His family was a large one of ten children. The parents were devout Buddhists and from an early age Geshe Doga was fascinated by the nearby monastery. From the age of three he would beg to go there to watch the monks debating and conducting their pujas. So it was with great happiness that at the age of seven he went with his parents to be admitted to the local monastery. The Abbot of the monastery predicted that the boy would become a Geshe and so ordained him as a novice monk. Geshe Doga was to study there for the next 10 years. After this preliminary training it was compulsory in Kham that young monks attend one of the three main monasteries of Tibet for at least 3 years. Then they could decide whether to return to their local monastery or continue their studies towards the ultimate goal of becoming a Geshe. So, aged 17, the young monk undertook the dangerous three month journey on horseback and on foot from Kham to Lhasa. As a number or raging rivers had to be crossed in Kham, it was said that only the good swimmers got to Era!
For most Tibetans it was considered fortunate to be able to make at least one pilgrimage to the sacred city of Lhasa, the seat of His Holiness the Dalai Lama and known as “The Pure Land”. This was a wish come true. At Sera Monastery he met his main teacher the Venerable Geshe Ngawang Dhargyey, also a Kham-pa who was later to become the main teacher at the Tibetan Library in Dharamsala where he introduced many Westerners to the Tibetan Buddhist tradition. The young monk now studied three of the five major areas of learning – the Paramitas, Madhyamika philosophy and Pramanavatrika. He stayed there until he was 24 years old, when, in 1959, he was forced to flee Tibet.
While escaping, some monks disguised themselves in lay clothes but Geshe Doga refused to do so. At one point their party was detected by the Chinese army. Some of the Tibetans ran for cover behind rocks and were picked off by the Chinese. The young Geshe Doga stood his ground, saying “How can rocks give protection when the only protection is Buddha, Dharma and Sangha?” Though the Chinese mowed the party down with a volley of bullets, miraculously Geshe-la escaped with his life. His family remained trapped back in the village in Kham which was close to the Chinese border. It was particularly difficult for them to flee. Subsequently all have died except for one sister whom Geshe-la has not seen since that time. Two hundred Sera monks survived the journey to India. They arrived at the height of summer. The Tibetans were used to high altitudes and had little resistance to many diseases. But physical hardships were nothing compared to the sadness they felt at being forced to abandon their sacred homeland.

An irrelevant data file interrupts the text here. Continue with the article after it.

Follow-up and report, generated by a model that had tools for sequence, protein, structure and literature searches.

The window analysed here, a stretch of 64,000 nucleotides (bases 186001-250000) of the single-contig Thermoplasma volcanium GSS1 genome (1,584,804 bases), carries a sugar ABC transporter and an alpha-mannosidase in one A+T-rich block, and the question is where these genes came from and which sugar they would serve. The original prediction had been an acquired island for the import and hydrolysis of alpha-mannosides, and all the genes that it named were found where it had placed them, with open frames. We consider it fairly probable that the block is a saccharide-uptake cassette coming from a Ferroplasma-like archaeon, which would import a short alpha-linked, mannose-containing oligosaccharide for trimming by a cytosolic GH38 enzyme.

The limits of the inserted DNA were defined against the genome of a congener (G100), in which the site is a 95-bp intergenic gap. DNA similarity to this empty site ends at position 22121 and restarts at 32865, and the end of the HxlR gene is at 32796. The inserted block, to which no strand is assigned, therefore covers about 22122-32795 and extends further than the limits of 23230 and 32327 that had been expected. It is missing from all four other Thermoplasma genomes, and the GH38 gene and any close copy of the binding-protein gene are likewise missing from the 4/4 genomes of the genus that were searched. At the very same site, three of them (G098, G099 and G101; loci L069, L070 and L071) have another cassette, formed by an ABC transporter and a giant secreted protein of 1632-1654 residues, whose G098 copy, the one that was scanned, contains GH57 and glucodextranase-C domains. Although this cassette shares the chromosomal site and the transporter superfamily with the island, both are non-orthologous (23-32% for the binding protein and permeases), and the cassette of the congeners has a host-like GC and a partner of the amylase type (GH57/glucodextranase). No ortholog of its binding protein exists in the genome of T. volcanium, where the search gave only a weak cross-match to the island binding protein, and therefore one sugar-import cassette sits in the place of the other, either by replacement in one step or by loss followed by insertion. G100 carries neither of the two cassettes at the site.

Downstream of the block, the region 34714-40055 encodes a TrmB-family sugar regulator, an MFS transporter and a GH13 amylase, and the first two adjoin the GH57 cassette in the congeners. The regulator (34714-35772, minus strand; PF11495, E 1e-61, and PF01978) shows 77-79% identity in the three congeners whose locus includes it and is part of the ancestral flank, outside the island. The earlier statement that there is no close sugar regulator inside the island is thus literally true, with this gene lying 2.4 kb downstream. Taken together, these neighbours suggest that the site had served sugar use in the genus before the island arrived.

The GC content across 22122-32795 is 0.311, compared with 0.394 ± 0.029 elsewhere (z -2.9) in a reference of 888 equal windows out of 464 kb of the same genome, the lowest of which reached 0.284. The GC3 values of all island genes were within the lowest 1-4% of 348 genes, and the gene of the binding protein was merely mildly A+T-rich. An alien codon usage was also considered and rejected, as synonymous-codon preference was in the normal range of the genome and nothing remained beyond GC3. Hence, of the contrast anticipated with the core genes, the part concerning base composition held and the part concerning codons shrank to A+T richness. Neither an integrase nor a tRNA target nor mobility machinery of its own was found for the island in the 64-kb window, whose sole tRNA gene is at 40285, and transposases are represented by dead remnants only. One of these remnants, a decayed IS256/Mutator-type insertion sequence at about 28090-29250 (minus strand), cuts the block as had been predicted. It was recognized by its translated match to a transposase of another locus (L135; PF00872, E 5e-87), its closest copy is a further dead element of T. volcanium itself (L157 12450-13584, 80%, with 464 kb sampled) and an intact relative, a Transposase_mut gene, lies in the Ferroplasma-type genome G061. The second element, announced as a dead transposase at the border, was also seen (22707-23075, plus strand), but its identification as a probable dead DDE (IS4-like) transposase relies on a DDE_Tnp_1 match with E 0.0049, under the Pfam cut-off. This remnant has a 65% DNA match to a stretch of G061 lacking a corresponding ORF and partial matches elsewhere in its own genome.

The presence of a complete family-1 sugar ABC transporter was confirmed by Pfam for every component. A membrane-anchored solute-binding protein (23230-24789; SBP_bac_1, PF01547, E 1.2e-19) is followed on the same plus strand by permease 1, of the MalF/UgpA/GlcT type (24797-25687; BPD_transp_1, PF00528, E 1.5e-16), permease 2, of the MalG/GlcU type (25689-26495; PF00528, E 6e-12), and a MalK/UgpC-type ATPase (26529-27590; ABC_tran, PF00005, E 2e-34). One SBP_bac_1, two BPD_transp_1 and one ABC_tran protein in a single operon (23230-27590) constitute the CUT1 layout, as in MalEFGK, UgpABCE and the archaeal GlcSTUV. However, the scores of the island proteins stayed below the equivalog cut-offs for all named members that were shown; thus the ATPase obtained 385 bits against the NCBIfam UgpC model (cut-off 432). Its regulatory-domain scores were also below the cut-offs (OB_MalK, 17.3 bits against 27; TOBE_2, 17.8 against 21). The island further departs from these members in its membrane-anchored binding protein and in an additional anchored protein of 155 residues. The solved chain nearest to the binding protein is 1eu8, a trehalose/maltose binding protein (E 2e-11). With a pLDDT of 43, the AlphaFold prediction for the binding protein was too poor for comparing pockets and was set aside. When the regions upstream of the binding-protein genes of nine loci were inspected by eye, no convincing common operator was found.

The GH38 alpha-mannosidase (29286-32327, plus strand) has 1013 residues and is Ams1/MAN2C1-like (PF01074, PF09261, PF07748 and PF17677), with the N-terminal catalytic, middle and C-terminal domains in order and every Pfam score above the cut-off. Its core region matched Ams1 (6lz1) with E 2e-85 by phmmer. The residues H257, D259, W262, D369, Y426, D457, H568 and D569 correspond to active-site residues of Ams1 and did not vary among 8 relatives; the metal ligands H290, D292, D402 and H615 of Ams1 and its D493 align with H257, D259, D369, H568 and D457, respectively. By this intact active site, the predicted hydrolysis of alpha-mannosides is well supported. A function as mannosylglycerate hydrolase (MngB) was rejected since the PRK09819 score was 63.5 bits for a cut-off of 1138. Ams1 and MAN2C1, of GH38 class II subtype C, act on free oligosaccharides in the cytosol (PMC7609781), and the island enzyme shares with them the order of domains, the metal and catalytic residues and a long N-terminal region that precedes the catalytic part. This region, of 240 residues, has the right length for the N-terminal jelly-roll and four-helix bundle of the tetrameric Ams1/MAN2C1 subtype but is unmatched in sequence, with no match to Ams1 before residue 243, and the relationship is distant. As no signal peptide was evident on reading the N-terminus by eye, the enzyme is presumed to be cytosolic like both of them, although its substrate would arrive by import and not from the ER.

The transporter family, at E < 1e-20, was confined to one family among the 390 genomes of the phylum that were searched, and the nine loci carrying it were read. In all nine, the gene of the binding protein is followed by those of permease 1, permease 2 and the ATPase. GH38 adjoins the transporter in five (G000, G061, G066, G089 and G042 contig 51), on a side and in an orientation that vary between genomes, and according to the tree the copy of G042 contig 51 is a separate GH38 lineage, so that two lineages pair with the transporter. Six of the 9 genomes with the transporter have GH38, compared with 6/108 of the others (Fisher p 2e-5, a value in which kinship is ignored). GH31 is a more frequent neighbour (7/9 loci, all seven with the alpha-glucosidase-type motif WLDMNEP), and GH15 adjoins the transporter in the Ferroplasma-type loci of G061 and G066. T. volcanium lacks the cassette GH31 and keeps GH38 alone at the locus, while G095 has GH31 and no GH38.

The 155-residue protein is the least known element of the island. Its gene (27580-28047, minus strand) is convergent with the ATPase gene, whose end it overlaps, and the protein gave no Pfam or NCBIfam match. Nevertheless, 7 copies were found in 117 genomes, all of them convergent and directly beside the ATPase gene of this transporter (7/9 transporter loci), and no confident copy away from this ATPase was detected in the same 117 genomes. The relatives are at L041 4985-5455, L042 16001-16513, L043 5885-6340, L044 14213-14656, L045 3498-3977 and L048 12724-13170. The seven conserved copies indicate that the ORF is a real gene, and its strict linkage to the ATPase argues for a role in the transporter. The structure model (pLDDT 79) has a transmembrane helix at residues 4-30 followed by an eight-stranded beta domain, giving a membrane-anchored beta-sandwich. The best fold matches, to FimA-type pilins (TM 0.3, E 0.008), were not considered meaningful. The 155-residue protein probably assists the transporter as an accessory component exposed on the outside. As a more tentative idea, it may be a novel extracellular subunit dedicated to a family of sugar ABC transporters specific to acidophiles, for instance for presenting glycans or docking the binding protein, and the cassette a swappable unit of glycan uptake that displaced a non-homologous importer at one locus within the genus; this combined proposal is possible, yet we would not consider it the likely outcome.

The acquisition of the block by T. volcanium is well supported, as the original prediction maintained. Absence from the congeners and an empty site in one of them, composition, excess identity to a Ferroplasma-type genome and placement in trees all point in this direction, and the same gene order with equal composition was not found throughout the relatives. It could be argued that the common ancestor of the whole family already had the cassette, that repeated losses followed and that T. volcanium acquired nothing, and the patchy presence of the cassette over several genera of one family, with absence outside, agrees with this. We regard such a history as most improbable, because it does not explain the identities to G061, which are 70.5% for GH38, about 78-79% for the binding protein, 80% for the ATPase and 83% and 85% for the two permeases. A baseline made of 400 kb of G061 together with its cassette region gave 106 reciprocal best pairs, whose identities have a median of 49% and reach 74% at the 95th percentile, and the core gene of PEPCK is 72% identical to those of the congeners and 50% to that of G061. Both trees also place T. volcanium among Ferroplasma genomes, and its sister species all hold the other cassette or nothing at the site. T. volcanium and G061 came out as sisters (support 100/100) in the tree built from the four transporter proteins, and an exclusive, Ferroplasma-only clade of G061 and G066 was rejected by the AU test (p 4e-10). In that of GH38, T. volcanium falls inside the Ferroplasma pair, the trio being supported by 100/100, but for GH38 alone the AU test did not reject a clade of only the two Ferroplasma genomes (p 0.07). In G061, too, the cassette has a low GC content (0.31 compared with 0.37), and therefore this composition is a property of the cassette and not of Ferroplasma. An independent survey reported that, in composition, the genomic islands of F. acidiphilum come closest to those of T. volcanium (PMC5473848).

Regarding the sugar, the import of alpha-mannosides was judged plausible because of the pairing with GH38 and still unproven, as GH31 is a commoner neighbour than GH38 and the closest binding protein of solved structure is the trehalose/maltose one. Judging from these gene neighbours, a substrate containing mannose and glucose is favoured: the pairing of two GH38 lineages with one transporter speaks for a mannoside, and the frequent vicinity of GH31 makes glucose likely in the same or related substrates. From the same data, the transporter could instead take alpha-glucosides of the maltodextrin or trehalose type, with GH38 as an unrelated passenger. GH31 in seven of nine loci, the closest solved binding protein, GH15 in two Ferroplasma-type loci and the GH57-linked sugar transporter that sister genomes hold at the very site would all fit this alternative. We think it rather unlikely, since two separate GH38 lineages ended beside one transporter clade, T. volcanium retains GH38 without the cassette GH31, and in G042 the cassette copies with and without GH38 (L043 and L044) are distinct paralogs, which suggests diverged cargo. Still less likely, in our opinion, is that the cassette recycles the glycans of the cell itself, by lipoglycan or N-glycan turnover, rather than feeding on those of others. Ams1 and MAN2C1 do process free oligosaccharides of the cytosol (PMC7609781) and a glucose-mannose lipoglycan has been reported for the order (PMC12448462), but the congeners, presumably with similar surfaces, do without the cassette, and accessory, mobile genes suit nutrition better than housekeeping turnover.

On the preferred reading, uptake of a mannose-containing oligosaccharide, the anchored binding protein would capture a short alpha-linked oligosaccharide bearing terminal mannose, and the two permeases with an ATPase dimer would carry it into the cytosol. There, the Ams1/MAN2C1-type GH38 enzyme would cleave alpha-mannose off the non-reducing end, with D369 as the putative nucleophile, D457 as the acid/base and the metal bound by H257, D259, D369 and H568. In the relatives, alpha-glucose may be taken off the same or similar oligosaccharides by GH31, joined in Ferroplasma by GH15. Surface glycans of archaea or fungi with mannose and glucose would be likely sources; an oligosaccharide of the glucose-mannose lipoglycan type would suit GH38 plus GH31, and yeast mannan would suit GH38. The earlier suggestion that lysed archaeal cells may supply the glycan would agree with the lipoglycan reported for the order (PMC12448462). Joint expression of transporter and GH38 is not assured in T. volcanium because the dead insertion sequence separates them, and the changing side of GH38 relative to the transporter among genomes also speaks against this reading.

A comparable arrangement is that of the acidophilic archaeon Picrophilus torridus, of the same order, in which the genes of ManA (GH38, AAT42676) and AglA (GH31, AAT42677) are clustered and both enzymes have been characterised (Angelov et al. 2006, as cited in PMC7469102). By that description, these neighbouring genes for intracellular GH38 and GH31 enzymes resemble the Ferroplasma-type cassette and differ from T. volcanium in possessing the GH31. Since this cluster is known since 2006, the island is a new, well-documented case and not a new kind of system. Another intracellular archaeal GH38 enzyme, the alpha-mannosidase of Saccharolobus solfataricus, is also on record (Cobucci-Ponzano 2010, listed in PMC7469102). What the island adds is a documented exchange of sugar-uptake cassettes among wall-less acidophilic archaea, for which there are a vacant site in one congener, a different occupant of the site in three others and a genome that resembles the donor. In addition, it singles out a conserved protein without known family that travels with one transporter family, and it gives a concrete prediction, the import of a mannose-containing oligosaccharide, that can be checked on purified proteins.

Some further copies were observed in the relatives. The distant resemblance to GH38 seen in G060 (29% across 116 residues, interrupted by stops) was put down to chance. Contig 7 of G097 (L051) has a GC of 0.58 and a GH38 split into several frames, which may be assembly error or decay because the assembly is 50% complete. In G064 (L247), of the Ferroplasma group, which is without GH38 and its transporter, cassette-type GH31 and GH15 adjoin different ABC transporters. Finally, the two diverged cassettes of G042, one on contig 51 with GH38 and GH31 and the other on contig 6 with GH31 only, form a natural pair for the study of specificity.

Geshe Doga stayed at the refugee camp at Buxa for 8 years where he studied the two remaining major treatises, the Vinaya and Abidharma with his Guru, the Venerable Gyume Khensur Urgyen Tsetan who visited Tara Institute in 1988. Thus Geshe-la completed the entire studies for the Geshe Degree. Following the period at Buxa, Geshe Doga was one of 13 monks chosen by the Indian Government out of 1000 to complete Sanskrit studies at Varanasi University. Their task was to translate Buddhist texts for the Indians and help restore the great Mahayana tradition to its homeland. This work earned deep respect of the Indian academic community. It added nine years of study onto what was already a lifetime of concentrated learning. Geshe Doga was conferred the Indian university degree of “Acharya”. Following his university years, Geshe Doga spent one more year studying at Sera Monastery which had been re-established in southern India. In March 1982 he passed his final exam for the highest monastic degree of Lharampa Geshe following an exhaustive series of examinations by the greatest living scholars. He passed with such distinction that his exam performance is still remembered.
He was now faced with a big choice, for once a monk has become a Lharampa Geshe he is in much demand as a teacher. But he can also choose to go into solitude and meditate. Geshe Doga decided to teach. Exactly at this point, Lama Yeshe, founder of the FPMT (Foundation for the Preservation of the Mahayana Tradition), and a colleague at Buxa, invited Geshe-la to teach young monks at Kopan monastery in Nepal. Geshe Doga taught there for three years where for the first time he had contact with Western students. His Holiness the Dalai Lama blessed Kopan’s pioneering work with Western students and Lama Yeshe requested Geshe Doga to go to Atisha Centre in Australia. Geshe-la was happy as he had heard Australia was very beautiful. He said “I will teach according to the students. I will know what is best to be taught. The main aim is to benefit the minds of the students.”